I then modified the LoginService dependency in LoginController so this implementation would be used.

@Autowired@Qualifier("springLoginService")LoginService loginService;

Since Spring's API doesn't depend on Servlet 3, I tried it in Jetty using "mvn jetty:run". Of course, I modified my web.xml accordingly for Spring Security before doing so. Interestingly enough, I found that the my SpringSecurityLoginService seemed to work:

DEBUG - SpringSecurityLoginService.login(39) | Login succeeded!

But in the UI, the login failed with a "Login failed, please try again." message. Using the standard ports with Apache in front of Jetty solved this issue.

Apache Shiro LoginService
Apache Shiro is nice enough to offer a programmatic API as well. I was able to implement a ShiroLoginService as follows:

package org.appfuse.examples.webapp.security;import org.apache.commons.logging.Log;import org.apache.commons.logging.LogFactory;import org.apache.shiro.SecurityUtils;import org.apache.shiro.authc.AuthenticationException;import org.apache.shiro.authc.UsernamePasswordToken;import org.apache.shiro.subject.Subject;import org.springframework.stereotype.Service;@Service("shiroLoginService")public class ShiroLoginService implements LoginService {    private Log log = LogFactory.getLog(ShiroLoginService.class);    public LoginStatus getStatus() {        Subject currentUser = SecurityUtils.getSubject();        if (currentUser.isAuthenticated()) {            return new LoginStatus(true, currentUser.getPrincipal().toString());        } else {            return new LoginStatus(false, null);        }    }    public LoginStatus login(String username, String password) {        if (!getStatus().isLoggedIn()) {            UsernamePasswordToken token = new UsernamePasswordToken(username, password);            Subject currentUser = SecurityUtils.getSubject();            try {                currentUser.login(token);                log.debug("Login succeeded!");                return new LoginStatus(currentUser.isAuthenticated(),                        currentUser.getPrincipal().toString());            } catch (AuthenticationException e) {                return new LoginStatus(false, null);            }        } else {            return getStatus();        }    }}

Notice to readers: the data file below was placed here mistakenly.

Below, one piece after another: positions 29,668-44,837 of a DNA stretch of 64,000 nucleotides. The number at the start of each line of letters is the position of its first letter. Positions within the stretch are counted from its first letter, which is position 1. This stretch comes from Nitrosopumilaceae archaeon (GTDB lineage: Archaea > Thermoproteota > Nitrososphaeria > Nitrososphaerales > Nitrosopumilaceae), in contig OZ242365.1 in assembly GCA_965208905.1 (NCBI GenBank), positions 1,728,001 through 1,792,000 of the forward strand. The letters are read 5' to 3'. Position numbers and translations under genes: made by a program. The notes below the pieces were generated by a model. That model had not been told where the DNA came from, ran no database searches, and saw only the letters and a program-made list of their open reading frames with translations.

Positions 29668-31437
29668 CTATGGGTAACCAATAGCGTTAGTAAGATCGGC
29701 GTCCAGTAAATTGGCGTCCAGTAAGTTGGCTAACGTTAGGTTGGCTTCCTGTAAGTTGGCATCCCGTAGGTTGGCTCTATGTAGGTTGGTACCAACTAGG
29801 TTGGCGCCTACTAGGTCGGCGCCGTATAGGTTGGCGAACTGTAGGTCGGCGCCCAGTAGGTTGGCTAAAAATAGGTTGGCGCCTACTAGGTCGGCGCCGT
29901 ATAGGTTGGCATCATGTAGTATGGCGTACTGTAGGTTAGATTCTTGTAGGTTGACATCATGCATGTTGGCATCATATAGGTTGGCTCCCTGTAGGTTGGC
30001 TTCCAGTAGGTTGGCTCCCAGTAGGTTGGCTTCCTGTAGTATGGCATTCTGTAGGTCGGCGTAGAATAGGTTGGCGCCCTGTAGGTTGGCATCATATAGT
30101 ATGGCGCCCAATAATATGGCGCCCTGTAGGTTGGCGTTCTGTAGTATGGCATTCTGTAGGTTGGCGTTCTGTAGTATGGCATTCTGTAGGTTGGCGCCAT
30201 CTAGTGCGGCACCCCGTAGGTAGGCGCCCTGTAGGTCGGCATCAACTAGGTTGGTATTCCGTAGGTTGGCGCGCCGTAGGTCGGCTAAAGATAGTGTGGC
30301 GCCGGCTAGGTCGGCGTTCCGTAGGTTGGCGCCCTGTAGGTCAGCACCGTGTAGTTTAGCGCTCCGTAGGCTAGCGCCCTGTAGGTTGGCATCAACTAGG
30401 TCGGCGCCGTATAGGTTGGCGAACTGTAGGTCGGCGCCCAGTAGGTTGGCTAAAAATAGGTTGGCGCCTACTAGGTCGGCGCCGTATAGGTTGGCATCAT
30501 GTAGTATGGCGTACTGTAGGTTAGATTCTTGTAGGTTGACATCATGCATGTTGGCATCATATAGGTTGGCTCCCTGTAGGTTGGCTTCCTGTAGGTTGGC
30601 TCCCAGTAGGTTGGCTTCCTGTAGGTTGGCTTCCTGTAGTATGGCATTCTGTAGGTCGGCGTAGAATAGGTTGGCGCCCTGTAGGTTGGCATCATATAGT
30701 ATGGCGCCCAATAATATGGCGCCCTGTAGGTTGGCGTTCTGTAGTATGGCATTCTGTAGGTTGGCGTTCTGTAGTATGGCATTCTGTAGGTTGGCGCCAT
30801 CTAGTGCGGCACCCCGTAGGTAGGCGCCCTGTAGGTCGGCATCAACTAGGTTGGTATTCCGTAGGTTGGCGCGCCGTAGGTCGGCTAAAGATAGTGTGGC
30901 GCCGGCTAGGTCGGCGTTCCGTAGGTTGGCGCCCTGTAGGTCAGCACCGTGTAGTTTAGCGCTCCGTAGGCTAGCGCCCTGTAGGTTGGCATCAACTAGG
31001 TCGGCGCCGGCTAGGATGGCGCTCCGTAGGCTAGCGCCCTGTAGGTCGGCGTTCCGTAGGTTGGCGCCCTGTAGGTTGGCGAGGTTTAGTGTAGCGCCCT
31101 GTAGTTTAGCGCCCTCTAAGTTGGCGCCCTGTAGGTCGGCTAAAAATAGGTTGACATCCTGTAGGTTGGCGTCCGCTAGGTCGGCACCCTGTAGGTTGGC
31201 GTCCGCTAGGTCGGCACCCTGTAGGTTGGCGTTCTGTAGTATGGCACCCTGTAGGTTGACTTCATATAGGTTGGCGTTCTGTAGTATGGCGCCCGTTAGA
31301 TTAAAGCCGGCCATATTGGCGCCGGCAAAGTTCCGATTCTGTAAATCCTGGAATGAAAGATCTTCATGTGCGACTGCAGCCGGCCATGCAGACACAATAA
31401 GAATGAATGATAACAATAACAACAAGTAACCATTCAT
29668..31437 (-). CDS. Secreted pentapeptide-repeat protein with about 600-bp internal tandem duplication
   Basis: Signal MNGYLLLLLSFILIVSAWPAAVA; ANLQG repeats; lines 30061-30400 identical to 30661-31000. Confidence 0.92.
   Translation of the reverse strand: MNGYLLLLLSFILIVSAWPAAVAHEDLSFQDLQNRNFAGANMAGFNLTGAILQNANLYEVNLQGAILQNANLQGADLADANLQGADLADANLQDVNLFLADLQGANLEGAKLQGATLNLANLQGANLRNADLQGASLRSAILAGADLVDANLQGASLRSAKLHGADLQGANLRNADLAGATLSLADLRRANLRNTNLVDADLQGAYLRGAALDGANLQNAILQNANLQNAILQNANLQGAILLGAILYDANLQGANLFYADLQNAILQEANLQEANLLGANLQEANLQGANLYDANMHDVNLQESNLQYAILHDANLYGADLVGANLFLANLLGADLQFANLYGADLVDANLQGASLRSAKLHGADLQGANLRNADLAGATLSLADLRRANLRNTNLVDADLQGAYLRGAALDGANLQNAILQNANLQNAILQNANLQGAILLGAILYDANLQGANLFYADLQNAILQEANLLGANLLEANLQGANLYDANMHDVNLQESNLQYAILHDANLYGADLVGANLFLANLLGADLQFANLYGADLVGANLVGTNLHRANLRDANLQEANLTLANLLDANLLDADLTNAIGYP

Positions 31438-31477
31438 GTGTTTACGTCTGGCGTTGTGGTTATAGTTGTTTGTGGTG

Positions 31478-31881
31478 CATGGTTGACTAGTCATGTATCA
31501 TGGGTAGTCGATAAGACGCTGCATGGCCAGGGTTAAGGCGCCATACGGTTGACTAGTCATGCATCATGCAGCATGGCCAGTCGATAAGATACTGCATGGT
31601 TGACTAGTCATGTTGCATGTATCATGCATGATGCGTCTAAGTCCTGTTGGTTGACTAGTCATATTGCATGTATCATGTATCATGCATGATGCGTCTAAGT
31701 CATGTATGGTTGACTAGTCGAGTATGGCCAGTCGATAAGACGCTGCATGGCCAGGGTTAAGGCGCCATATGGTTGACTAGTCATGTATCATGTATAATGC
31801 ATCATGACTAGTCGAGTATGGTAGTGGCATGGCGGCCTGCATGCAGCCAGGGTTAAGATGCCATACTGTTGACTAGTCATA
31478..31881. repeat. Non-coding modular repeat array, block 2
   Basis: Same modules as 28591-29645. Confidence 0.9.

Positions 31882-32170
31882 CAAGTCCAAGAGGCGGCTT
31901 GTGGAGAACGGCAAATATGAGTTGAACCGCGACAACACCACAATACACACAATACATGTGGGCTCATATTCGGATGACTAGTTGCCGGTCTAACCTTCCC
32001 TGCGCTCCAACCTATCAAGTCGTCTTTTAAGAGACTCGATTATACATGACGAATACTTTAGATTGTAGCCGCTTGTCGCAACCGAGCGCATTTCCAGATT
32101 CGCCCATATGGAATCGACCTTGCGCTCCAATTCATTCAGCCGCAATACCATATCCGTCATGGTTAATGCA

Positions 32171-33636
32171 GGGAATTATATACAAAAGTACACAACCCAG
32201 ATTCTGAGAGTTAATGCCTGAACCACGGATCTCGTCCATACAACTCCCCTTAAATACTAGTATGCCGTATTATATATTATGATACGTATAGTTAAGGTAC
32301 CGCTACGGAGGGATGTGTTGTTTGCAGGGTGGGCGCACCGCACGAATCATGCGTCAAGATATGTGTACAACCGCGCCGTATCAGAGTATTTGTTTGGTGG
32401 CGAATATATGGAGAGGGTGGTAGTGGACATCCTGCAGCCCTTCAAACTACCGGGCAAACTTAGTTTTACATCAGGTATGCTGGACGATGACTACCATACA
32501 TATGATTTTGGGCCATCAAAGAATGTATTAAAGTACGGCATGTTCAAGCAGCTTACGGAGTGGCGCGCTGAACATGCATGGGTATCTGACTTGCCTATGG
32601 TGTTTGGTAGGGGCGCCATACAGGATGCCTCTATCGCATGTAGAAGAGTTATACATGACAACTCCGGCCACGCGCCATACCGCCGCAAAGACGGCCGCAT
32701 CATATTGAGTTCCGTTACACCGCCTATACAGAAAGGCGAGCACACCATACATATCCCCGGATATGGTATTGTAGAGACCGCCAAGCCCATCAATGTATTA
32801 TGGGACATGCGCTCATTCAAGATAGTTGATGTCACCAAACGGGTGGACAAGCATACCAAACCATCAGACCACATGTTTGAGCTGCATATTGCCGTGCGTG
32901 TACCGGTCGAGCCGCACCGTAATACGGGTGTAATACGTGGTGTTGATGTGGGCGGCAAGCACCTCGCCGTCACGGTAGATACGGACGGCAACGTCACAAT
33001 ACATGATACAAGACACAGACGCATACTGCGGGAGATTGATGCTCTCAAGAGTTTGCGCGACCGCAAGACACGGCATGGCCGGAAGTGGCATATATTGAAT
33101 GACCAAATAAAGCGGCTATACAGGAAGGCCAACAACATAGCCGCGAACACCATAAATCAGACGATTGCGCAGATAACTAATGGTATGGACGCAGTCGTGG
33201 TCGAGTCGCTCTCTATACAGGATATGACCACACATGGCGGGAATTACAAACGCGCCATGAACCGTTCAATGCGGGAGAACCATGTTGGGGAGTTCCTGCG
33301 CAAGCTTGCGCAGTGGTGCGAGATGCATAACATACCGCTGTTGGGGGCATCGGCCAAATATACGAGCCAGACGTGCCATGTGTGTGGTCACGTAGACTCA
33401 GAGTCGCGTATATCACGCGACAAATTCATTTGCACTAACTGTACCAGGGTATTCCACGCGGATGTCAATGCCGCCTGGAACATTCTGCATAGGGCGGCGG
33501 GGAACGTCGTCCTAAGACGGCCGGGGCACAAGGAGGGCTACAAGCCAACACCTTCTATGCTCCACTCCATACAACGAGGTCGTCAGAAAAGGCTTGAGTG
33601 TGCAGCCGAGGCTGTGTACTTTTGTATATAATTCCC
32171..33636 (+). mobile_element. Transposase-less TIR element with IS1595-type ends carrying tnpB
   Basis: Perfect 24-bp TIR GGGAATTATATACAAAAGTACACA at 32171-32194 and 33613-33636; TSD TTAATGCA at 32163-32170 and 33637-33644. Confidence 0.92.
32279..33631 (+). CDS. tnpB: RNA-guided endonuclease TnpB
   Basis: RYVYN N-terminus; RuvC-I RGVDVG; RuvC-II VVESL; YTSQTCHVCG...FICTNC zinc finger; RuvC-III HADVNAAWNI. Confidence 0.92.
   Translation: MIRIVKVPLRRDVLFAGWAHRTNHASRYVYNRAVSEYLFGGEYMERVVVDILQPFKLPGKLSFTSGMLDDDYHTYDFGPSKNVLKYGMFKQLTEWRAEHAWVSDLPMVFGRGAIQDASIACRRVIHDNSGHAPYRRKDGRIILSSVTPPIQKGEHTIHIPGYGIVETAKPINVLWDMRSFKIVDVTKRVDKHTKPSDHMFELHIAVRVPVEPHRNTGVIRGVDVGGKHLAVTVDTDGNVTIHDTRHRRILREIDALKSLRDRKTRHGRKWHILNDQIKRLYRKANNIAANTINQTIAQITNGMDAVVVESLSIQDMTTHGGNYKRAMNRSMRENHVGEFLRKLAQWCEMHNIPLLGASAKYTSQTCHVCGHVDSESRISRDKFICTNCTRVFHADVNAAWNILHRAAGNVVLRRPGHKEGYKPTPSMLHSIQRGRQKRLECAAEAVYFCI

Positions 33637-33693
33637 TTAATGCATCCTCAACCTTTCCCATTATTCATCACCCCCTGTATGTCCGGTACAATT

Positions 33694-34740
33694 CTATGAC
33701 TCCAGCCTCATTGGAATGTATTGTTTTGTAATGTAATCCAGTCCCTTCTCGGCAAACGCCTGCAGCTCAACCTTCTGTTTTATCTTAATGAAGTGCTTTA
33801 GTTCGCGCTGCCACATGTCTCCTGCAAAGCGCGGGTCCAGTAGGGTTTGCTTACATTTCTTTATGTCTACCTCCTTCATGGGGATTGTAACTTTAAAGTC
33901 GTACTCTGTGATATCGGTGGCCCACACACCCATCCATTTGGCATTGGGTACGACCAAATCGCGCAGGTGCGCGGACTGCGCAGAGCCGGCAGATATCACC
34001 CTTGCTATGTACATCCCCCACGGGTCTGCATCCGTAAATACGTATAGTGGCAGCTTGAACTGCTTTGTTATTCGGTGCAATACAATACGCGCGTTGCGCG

Then I modified the LoginService dependency in LoginController so this implementation would be used.

@Autowired@Qualifier("shiroLoginService")LoginService loginService;

Next, I modified my web.xml for Apache Shiro and tried "mvn jetty:run". Again, the login appeared to succeed (based on log messages) on the server, but failed in the UI. When using http://localhost instead of http://localhost:8080, everything worked fine.

This article has shown you how you can programmatically login using Java EE 6, Spring Security and Apache Shiro. Before Java EE 6 (and Servlet 3), there was no API to programmatically login, so this is a welcome addition. The fact that my Ajax login example didn't work when ports differed is because of browsers' same origin policy, which specifies the ports have to be the same. Specifying no ports (the defaults), seems to be the loophole.

On a related note, I've discovered some interesting articles recently from the AppSec Blog.

The 2nd article has an interesting paragraph:

... there's Apache Shiro (FKA JSecurity and then later as Apache Ki), another secure framework for Java apps. Although it looks simpler to use and understand than ESAPI and covers most of the main security bases (authentication, authorization, session management and encryption), it doesn't help take care of important functions like input validation and output encoding. And Spring users have Spring Security (Acegi) a comprehensive, but heavyweight authorization and authentication framework.

So according to this blog, the security frameworks discussed here aren't the best.

The most comprehensive, up-to-date choice for Java developers is OWASP's ESAPI Enterprise Security API especially now that the 2.0 release has just come out.

I haven't heard of many organizations adopting ESAPI over Java EE 6, Spring Security or Apache Shiro, but maybe I'm wrong. Is ESAPI something that's being used out there by companies?

From http://raibledesigns.com/rd/entry/java_web_application_security_part3

Microservices for Java, explained. Revitalize your legacy systems (and your career) with Reactive Microservices Architecture, a free O'Reilly book. Brought to you in partnership with Lightbend.